Stephanie Clifford, a pornographic actress known professionally as “Stormy Daniels,” offered Monday to return the $130,000 payment she received in Oct. 2016 for her continued silence about an alleged affair with President Donald Trump.
A remittance, her lawyers propose, would invalidate the “hush agreement” she reached with Trump attorney Michael Cohen, permitting her to speak publicly about her relationship with the president.
The New York Times obtained a copy of a letter Clifford’s lawyer, Michael Avenatti, sent to Cohen, which offers to wire the full $130,000 sum to an account of the president’s choosing on the understanding that the 2016 agreement is nullified.
The contract, known as a nondisclosure agreement (NDA), was executed on Oct. 28, 2016. Under its terms, Clifford agreed not to disclose her alleged affair with the president in exchange for a $130,000 payment from a shell company in Delaware. Cohen officially represents the shell company, known as Essential Consultants LLC, and not the president in this dispute.
The affair allegedly ran from the summer of 2006 to early 2007.
Avenatti’s letter gave Cohen until noon Tuesday to make a decision and promised to transmit payment by Friday.
Once the NDA is voided, Clifford would be at liberty to “(a) speak openly and freely about her prior relationship with the president and the attempts to silence her and (b) use and publish any text messages, photos and/or videos relating to the president that she may have in her possession, all without fear of retribution and legal liability for damages,” according to TheNYT’s copy of the Avenatti proposal.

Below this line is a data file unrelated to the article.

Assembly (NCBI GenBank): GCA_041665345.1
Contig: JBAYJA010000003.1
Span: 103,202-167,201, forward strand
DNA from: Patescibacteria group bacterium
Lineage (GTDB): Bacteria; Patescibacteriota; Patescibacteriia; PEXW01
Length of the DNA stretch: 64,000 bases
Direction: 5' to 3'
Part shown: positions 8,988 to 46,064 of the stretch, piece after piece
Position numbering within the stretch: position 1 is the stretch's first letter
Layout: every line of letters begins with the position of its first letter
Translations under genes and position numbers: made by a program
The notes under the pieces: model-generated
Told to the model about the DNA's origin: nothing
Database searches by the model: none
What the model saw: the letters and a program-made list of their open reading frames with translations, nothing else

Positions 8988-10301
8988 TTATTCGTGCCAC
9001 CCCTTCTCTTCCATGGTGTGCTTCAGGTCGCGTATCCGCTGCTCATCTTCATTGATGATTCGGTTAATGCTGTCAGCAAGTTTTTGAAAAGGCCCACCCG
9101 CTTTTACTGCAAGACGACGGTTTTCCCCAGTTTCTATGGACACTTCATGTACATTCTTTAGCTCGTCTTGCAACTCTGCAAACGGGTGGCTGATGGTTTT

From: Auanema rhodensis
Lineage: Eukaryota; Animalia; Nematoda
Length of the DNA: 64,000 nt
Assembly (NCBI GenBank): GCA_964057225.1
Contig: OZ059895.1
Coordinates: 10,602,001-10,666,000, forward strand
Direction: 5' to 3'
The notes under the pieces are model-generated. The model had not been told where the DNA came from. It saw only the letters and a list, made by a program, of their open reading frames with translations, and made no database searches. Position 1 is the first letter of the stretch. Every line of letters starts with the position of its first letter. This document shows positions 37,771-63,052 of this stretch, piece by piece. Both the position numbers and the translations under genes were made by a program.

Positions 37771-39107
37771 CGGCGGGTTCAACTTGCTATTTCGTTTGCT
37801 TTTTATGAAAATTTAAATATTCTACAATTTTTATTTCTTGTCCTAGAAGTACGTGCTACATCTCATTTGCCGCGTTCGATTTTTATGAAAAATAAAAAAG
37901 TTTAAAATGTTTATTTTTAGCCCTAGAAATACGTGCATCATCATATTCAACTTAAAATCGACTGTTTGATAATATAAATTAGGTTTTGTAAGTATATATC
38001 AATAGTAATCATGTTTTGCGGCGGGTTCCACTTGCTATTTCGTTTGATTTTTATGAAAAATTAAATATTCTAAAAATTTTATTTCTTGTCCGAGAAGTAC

It also demands that the president’s lawyers take no action to prevent publication of Clifford’s interview with the CBS news magazine “60 Minutes,” which is slated for broadcast Sunday. Sources familiar with the Trump legal team’s thinking say they plan to seek an injunction barring its release.
Clifford is suing Cohen and Essential Consultants in a California state court, arguing the NDA is invalid because Trump himself never signed it. As such, they argue she is not bound by any confidentiality obligations. In turn, Cohen obtained a preliminary restraining order against her in private arbitration, binding her to silence for the time being.